"Trying to keep up with you"
When you think about it, and despite the boom in spiritual websites and mailing lists, the Net is organized religion's worst nightmare, a true dogma-killer and heresy-spreader. Before new technologies like the Net, John and Jane's view of the world was pretty much limited to what their parents told them, and what they picked up in the school yard. Religious instruction was rarely voluntary for most kids, and religious institutions usually went to great pains to make sure that dogma and faith was deeply embedded before kids grew up and got out into the world, where they might encounter all alien faiths and points-of-view and make up their own minds.
The Net makes that a lot tougher, one of the reasons blocking software sells so well, and why so much of it is programmed to block out religious discussion.
Still, some people have always seen a strong connection between the Net and spirituality.
Are notoriously irrevent, skeptical and prickly young nerds and geeks pulled towards higher powers? Is their new and raucous liturgy the sometimes vulgar and provocative language, symbolism, imagery of computer language, programming and popular culture? Can institutionalized religion get off its high and preachy horses, embrace interactivity and minister to the cyber-young on completely different, new terms?
In "Virtual Faith", Tom Beaudoin makes a thoughtful case that Americans, especially those younger ones online -- unfortunately, he calls them Generation X, but he was a divinity student -- are up to their servers, TV shows, movies, keyboards, and Mp3's in spiritual quests. And that stuffy, top-down Churches will have to change radically to reach them. Beaudoin is a former altar boy, raised on television and video games, who graduated from Harvard Divinity School two years ago, is a bass player in a Boston area rock band, and survived Woodstock '94. His book "Virtual Faith" (Jossey-Bass Publishers, $US 22) is just the sort of book about religion we never get to see in the age of the sound-bite spouting, scolding and pious Moral Guardian, a time when people like William Bennett, ex-Education and Drug Czar, are labeled "Morals Czars" by the media and get to go on CNN twice a week to tell us how vulgar and faithless we all are.
"Virtual Faith" argues that the popular culture so celebrated by the young -- from movies and music to TV shows and the Net -- is actually suffused with spirituality and religious iconography.
Writing about REM's "Losing My Religion," for example, a hit song and video from the group's blockbuster l991 album, Beaudoin sees clear intimations of Jesus in the old man resting against an angel, both of them seated on a tree limb. Grey-haired and bearded, the old man is fitted with a pair of angelic wings and clothed in orange robes; then he is stoned to death.
"The ambiguity of the final Jesus scene is disturbing," writes Beaudoin, "in a brief shot, his associates work with rope that is wrapped around Jesus' body. Are they releasing him, or are they binding him to the beam, hoping to get him up on the cross so that he might really be the messiah they are hoping for in the end?"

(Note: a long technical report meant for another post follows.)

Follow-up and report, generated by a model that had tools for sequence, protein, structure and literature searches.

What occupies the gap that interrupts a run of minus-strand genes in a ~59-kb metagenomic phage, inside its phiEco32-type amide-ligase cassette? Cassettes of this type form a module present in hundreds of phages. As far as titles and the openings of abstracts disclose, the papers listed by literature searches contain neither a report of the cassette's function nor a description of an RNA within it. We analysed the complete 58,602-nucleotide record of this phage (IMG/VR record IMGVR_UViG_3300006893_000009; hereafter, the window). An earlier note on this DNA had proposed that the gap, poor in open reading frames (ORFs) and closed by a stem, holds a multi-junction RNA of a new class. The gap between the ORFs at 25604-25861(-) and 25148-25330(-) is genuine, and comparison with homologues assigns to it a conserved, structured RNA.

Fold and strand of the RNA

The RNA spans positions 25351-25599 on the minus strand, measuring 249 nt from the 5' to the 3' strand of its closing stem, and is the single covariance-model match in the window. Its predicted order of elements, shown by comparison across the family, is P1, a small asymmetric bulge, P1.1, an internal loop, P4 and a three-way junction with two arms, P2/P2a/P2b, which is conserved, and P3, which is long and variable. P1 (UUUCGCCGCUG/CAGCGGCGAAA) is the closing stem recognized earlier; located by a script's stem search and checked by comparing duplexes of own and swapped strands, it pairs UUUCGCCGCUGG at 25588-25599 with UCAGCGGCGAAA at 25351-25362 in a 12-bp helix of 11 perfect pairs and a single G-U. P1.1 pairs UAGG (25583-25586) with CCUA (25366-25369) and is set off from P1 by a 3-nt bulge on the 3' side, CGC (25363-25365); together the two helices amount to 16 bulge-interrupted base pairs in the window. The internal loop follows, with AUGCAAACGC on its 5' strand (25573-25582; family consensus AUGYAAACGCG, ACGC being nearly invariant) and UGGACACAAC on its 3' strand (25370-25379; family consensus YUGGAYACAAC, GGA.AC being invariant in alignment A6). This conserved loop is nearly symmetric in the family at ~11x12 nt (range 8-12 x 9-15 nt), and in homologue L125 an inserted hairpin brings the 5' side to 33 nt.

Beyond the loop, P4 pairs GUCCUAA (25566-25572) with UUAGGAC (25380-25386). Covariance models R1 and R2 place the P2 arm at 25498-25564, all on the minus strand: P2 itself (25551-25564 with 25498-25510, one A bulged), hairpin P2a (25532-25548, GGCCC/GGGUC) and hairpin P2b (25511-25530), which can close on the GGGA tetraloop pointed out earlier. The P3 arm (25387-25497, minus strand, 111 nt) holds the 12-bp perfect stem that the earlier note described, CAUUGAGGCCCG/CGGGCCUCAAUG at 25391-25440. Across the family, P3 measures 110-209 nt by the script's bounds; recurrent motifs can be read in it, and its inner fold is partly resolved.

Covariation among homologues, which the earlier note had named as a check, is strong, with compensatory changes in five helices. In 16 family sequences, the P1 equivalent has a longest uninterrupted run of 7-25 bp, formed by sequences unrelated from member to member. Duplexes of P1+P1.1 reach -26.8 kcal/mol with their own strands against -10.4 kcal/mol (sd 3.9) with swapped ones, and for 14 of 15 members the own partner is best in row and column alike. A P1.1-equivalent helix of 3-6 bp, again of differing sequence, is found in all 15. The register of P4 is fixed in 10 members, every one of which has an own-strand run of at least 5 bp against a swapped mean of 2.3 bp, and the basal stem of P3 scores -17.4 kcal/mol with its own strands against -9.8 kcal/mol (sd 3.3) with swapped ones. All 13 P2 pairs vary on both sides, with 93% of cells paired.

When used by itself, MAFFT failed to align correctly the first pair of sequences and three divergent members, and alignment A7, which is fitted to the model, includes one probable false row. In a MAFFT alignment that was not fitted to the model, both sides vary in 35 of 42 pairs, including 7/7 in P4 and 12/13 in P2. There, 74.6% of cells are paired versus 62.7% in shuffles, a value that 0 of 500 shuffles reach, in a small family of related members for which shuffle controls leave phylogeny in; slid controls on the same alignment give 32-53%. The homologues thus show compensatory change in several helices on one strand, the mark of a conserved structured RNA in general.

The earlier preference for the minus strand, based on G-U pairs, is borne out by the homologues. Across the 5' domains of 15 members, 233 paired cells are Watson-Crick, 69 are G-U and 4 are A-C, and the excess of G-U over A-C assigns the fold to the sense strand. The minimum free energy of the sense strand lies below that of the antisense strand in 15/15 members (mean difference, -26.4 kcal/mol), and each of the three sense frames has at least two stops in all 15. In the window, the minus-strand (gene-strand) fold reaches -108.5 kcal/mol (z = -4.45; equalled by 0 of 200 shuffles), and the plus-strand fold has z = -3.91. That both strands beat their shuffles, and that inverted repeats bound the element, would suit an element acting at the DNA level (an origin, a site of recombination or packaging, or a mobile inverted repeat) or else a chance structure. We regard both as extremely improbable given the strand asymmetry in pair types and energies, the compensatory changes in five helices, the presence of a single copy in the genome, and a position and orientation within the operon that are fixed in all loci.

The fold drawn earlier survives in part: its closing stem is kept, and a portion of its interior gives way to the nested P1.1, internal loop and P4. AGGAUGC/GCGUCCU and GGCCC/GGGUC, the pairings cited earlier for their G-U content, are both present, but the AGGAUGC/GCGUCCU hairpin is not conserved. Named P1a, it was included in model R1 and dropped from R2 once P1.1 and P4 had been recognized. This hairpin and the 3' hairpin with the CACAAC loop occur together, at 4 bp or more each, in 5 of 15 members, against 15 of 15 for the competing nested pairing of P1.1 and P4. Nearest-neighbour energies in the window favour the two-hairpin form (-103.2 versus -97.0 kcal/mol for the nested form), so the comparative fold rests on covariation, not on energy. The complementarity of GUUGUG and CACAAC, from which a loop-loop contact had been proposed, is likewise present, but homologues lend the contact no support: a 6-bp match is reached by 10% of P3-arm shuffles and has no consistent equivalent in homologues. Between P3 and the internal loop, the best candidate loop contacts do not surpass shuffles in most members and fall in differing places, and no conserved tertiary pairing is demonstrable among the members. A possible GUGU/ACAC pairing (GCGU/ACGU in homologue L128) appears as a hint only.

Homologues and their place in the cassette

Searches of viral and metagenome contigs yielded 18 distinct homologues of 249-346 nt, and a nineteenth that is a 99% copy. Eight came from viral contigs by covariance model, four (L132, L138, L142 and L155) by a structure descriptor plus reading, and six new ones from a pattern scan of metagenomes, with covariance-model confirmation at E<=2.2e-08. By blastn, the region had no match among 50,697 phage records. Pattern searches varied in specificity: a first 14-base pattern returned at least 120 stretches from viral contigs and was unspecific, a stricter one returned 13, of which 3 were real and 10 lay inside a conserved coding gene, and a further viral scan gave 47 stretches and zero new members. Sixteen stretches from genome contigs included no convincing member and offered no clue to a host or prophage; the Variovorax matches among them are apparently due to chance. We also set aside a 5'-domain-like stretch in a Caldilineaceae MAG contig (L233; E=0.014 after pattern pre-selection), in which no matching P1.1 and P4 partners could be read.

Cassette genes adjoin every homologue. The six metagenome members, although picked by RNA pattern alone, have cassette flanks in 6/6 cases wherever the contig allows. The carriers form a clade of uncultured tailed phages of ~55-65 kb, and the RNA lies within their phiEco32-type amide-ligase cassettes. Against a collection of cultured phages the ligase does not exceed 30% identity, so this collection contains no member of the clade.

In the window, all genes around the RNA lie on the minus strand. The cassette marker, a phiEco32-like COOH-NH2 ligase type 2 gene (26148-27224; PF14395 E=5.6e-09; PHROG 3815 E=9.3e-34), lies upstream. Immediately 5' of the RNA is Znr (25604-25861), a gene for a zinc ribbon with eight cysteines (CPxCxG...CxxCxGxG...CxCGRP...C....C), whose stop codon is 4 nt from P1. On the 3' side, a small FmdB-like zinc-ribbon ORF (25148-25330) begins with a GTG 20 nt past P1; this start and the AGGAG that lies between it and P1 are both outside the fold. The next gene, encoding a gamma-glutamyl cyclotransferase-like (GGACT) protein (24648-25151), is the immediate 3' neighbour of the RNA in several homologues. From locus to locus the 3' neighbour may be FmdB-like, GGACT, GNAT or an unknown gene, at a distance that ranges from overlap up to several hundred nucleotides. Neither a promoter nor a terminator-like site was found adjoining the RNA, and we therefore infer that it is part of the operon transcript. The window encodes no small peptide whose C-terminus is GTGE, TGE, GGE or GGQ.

Beaudoin further cites Madonna, Soundgarden, various TV shows and movies as pop culture sources brimming with spirituality, even as the citizens of cyberspace are participants in a subtle attack on rigid institutions.
"The environment of cyberspace provides resources that are ripe for upsetting hierarchies," he says. The Net and the Web is a natural leveler of powerful institutions as so many individuals get their hands on the machinery of communications, and get to make and disseminate their own personal theologies.
In the digital world, individuals don't have to accept official dogma, but are free to seek and find their own, to join virtual communities with fresh ideas about spirituality.
Cyberspace and institutional churches thus exist in constant conflict, Beaudoin writes.
This is a pretty sharp observation, obvious but rarely spoken, especially from religious quarters. Organized religions resent popular culture in general and the Net in particular, sounding alarms about addiction, the exposure of the young to so much unfiltered, uncensored information, and to pornography and violence, while the ascending geek culture is viscerally hostile to powerful institutions that tell its members what to believe.
In the same way many journalists have been almost bitterly reluctant to relinquish any part of their role as the sole purveyor of news and opinion to the raucous and individualistic voices on the Net, it's difficult to imagine religious organizations like Judaism, Islam, Christianity becoming more interactivity when their mission is to spread the word of God as revealed in sacred text.
But this doesn't mean netizens aren't spiritual, Beaudoin claims.
This isn't all that surprising an argument to anybody who's been on the Net and the Web: religion and so-called spirituality thrive here. There are tens of thousands of mailing lists, websites and newsgroups devoted to religious expression.
Moreover, Beaudoin argues in "Virtual Faith"that the provocative, irrevent, even heretical images of the age group he calls Generation X -- tattoos, body piercing, grunge, crucifixes as fashion accessories, music lyrics and videos with religious and sexual imagery -- are not rejections of religion but serious expressions of a new generation's need for a faith they can believe in, rather than one thrust upon them. He might also have included various computer language and Web imagery, from terms like Daemon to the whole idea of messaging across space and time.